8 February, 2021
€30m released for ‘backlogged’ medicines at same time as industry agrees new Agreement extension
Patients are to get access to more of the latest treatment options following the release of an estimated €30 million aimed at clearing a ‘backlog’ of new medicines, according to the Irish Pharmaceutical Healthcare Association (IPHA) which represents the international originator biopharmaceutical industry.
The move comes in addition to the industry agreeing to roll over an extension to the existing four-year supply Agreement with the State. The 15 ‘backlogged’ new medicines are to treat patients with a range of diseases, including lung cancer, renal cell carcinoma, urethral carcinoma, leukaemia, Parkinson’s disease and chronic migraine. A number of the medicines have already been approved by the Executive Management Team of the Health Service Executive (HSE). The HSE is planning their rollout.
The funding move is the first impact of the Government’s decision to allocate €50 million for new medicines in Budget 2021. Since July 2019, approvals for new medicines, deemed by the HSE’s Drugs Group to be clinically sound and economically cost-effective, has slowed significantly due to a lack of funding. That caused a build-up, or ‘backlog’, of over 20 approved but unfunded medicines. The result was that more than 11,000 patients experienced delays accessing vital treatments.
As part of a six-month extension to the supply Agreement agreed in July, the HSE agreed to reimburse some of these new medicines using savings from price cuts agreed by IPHA member companies on other medicines. Then, in October, the Government announced €50 million in funding for new medicines this year.
The €30 million released comes at a time aligned to the latest extension, or ‘rollover’, to the Agreement accounts for a portion of that €50 million fund. After Budget 2021, IPHA said the new funding would be a “game-changer” for thousands of patients. The fast approval by the HSE, along with cooperation between industry and the State, mean that patient impact is materialising.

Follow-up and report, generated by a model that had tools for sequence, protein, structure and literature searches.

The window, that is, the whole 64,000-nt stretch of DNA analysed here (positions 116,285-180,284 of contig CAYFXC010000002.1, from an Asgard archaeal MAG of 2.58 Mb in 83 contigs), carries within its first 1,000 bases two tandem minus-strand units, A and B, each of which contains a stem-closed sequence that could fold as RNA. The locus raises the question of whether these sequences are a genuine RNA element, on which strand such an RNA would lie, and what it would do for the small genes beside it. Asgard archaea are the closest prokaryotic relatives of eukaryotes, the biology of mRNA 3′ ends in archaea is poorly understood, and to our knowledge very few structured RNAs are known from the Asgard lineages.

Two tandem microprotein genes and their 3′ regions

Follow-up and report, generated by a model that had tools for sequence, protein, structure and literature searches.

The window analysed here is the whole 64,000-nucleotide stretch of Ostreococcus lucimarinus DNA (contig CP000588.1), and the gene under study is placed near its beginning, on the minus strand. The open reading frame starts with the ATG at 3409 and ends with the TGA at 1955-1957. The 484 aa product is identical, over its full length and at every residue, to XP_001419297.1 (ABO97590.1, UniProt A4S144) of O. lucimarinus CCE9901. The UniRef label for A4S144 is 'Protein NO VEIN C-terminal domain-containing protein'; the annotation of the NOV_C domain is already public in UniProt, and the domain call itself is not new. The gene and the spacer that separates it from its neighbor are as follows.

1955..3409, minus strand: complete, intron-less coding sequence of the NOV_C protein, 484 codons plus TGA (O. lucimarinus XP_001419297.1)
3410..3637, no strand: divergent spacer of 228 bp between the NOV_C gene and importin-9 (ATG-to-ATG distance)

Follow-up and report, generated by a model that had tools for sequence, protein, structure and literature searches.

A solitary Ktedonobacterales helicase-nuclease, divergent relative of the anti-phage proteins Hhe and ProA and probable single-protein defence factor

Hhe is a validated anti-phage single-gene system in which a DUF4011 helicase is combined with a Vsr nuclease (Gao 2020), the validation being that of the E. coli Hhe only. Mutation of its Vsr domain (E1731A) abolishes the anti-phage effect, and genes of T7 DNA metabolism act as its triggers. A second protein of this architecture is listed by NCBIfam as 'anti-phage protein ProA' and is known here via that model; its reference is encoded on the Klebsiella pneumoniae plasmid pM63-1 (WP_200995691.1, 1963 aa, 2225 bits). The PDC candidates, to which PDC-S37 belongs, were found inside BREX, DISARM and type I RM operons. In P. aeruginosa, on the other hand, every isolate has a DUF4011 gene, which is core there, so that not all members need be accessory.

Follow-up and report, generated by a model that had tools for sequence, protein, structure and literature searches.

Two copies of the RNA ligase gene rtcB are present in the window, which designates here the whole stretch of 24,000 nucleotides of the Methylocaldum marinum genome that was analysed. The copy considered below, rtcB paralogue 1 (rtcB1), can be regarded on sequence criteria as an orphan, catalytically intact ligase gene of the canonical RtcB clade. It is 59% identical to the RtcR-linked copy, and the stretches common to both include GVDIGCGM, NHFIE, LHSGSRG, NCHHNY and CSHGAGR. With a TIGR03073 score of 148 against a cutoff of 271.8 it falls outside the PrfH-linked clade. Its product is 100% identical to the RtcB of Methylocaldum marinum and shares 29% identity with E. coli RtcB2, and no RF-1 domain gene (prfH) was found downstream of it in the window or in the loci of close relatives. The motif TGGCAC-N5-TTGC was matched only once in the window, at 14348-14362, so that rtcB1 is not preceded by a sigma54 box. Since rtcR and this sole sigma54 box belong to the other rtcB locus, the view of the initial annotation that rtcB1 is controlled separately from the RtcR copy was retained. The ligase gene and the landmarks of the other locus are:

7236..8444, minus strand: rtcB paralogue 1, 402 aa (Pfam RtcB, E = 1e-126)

The new extension will run until the end of July, with a review by the end of April. In May, formal negotiations on a new supply Agreement will begin. If the State needs more time, we are open to extending the rollover beyond the end of July to the end of September.
Paul Reid, President of IPHA, said: “We have agreed to roll over the extension to the existing Agreement for three reasons. We wanted to give thousands of patients access to the latest treatments by attaching a specific funding amount to medicines we know they need. We wanted to help the State to manage the pandemic by giving them time and space, without the burden of negotiating a new Agreement right now with the industry. We wanted to secure the supply of medicines to the health services, especially during Covid, through the governance framework the extension provides. All of this trends towards the start of negotiations on a new supply Agreement during the extension’s timeframe. This is an arrangement that works for everyone – for patients, for industry and for the State.”
Oliver O’Connor, Chief Executive of IPHA, said: “This extension is a bridge towards a negotiating a new Agreement that places the supply and funding of new medicines on a sustainable, predictable footing. By committing to structured, transparent engagement with our industry on medicines expenditure and the reimbursement process, the State has acknowledged us as a reliable partner in raising standards of patient care. This extension prepares the ground for a new Agreement, with each side making commitments to the other on joint funding, information-sharing and continuous dialogue. The politicians, especially the Taoiseach and Ministers Donnelly and McGrath, and officials working at the HSE, the Department of Health and the Department of Public Expenditure and Reform deserve significant credit in working together to improve the reimbursement environment. We still have some way to go. We want to create a positive context for the Government’s decisions for Budget 2022 so that funding for new medicines continues at the right level. Together, we can build towards a resolution that recognises the shared ambition to give patients the best treatment options at speed and scale.”
As part of the extension, IPHA member companies will continue to pay the HSE a rebate of 5.5% on medicines for community and hospital supply.
IPHA is committed to continuing to work with the State on improving the reimbursement process so that delays in making medicines available to patients are avoided. We have drawn attention to the ‘Innovation Paradox’ – the anomaly that Ireland has a major biopharmaceutical manufacturing presence but a slow pace of adoption of new medicines in the health services. This gap between scale and speed can be bridged through continued dialogue between industry and the State.